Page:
To prevent worry on your part about your offer price, ask your real estate agent to prepare a CMA, or comparative market analysis. A CMA report will compile information from the comps you should already have seen — individual descriptions of similar properties that are or have recently been on the market.

The report will include the list and sales prices for properties that have recently sold as well as list prices for pending sales, meaning the seller has agreed to sell the house to a buyer, but the transaction hasn’t closed yet. (A property in this situation is sometimes described as “in escrow.”) The CMA can also include active listings and expired listings — houses that didn’t sell and were taken off the market.

Typically, the CMA report is designed to let you quickly compare elements such as square footage, age of the home, number of bedrooms and baths, size of major rooms and amenities such as fireplaces and swimming pools. It may also list property taxes and school districts, and it should also tell you how long each property has been or was on the market.

Using all this information, you and your agent can add or subtract dollars for the plusses and minuses of the other homes to come up with a probable market value for the home you’re interested in. (And be sure to check Zillow.com for the latest market values for your target house and others in its neighborhood.)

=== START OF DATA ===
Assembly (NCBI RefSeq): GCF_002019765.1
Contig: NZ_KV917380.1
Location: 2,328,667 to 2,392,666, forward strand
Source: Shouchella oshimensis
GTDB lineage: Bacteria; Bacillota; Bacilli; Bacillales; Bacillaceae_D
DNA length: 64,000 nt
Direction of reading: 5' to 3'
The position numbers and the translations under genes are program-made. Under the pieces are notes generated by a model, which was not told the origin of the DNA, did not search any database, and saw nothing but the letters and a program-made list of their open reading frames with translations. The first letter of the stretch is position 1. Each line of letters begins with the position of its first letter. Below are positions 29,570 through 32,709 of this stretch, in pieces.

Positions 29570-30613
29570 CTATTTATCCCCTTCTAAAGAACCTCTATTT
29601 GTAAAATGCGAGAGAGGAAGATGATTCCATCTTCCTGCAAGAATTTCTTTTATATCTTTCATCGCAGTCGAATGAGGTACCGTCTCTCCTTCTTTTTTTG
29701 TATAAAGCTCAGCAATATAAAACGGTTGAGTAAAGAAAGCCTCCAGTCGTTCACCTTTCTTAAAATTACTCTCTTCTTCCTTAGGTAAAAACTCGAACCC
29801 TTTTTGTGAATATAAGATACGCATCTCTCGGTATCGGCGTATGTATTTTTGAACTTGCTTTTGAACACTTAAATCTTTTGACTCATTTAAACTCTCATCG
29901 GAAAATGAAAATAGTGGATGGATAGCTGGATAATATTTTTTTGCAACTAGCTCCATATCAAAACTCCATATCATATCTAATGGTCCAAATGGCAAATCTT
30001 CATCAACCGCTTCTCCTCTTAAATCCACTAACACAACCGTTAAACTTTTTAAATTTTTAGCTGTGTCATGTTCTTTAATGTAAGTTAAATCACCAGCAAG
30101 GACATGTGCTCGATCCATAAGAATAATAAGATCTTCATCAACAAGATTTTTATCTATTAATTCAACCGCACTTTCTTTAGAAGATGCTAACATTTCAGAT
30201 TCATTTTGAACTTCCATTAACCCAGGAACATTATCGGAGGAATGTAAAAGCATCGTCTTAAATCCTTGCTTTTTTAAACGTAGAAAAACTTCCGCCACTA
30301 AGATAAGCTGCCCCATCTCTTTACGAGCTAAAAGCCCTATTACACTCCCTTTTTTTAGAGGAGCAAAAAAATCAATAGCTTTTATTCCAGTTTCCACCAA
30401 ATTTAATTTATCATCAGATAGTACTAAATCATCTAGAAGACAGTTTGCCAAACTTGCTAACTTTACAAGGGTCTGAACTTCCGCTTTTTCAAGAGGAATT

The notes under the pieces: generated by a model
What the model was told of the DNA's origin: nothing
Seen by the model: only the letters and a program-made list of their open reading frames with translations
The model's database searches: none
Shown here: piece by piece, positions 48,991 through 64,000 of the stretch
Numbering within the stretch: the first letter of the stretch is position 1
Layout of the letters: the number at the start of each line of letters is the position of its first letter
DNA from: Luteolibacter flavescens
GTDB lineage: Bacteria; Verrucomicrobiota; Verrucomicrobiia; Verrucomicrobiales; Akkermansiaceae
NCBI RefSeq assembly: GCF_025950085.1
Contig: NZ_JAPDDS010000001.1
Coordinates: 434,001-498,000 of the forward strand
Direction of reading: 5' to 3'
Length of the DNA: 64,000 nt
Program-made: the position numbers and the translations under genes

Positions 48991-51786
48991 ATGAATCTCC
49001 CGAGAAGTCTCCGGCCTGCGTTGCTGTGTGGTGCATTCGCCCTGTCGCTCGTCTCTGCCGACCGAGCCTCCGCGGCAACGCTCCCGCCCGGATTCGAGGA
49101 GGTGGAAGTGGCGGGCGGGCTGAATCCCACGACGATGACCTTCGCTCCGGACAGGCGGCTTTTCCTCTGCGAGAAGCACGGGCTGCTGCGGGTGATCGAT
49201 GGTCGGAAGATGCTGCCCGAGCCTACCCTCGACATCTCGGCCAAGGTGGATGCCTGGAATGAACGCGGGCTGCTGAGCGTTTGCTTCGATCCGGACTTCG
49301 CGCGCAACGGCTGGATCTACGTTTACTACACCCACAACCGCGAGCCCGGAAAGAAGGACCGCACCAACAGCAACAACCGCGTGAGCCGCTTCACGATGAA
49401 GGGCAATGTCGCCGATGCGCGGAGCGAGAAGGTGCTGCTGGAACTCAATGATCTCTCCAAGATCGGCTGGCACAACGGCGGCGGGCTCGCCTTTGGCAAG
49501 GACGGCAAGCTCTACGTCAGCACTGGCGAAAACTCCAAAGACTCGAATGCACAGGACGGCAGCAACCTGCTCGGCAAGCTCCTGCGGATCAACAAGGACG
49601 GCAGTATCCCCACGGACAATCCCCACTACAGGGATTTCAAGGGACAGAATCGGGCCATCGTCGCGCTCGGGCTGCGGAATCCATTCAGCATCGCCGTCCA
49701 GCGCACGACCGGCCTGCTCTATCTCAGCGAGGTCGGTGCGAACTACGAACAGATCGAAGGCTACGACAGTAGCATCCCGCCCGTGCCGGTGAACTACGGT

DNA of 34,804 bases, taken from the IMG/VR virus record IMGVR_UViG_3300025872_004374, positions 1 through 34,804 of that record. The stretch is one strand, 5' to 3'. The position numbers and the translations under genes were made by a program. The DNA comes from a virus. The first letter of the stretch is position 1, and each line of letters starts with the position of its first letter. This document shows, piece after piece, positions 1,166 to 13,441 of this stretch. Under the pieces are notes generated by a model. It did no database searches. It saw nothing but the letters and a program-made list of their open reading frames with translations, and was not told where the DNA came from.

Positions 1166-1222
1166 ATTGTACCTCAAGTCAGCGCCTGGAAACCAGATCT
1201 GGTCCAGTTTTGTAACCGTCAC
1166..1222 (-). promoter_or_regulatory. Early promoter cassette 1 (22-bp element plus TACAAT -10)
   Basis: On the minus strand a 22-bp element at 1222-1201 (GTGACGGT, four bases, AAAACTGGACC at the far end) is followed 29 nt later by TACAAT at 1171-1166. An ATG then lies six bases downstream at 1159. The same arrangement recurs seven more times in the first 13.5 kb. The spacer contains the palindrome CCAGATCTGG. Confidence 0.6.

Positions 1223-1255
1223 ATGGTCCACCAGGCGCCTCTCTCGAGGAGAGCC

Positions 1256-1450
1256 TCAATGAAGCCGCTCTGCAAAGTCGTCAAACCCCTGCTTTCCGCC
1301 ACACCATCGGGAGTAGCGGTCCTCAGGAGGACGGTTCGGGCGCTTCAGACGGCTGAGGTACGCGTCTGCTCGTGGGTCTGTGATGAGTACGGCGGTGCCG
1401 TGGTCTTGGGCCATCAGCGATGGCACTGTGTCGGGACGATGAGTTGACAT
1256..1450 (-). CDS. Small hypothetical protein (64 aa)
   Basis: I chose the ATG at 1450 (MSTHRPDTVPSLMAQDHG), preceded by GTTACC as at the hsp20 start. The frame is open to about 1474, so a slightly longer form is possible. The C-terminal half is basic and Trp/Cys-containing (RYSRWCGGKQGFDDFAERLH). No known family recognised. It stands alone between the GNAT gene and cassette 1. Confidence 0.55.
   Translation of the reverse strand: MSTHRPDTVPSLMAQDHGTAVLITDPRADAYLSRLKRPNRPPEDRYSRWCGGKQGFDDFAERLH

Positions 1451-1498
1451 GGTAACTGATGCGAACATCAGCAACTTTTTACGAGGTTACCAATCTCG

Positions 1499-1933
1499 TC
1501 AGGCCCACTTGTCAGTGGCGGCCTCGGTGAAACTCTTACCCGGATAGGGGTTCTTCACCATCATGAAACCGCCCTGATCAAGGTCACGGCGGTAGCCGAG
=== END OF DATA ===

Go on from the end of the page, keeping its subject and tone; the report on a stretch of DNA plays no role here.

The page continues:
Factors to consider

  • How the house and the asking price stack up compared to other recent sales (remember the CMA).

  • Is your home in a strong buyers’ or sellers’ market, or is more or less neutral? In a buyers’ market or a neutral market, you may have more leeway on some of the elements of your offer (price being just one). In a sellers’ market, where houses can become the objects of bidding wars and end up selling well above their asking price, your options may be rather more limited.

  • Seller’s motivation. If you know something about the seller’s circumstances, you may be able to improve your chances by making an offer that accommodates his or her needs. The seller’s agent is not likely to volunteer information that would put his or her client at a bargaining disadvantage, but you or your agent may be able to glean some bits of useful intelligence.

  • Length of time on the market. If the home has just been listed, and the market is modestly in the seller’s favor, he may refuse your below-asking price offer in hopes of getting the full price from the next person. If a prior deal has fallen through, however, and your financial situation looks strong, the seller may well find your low offer quite attractive.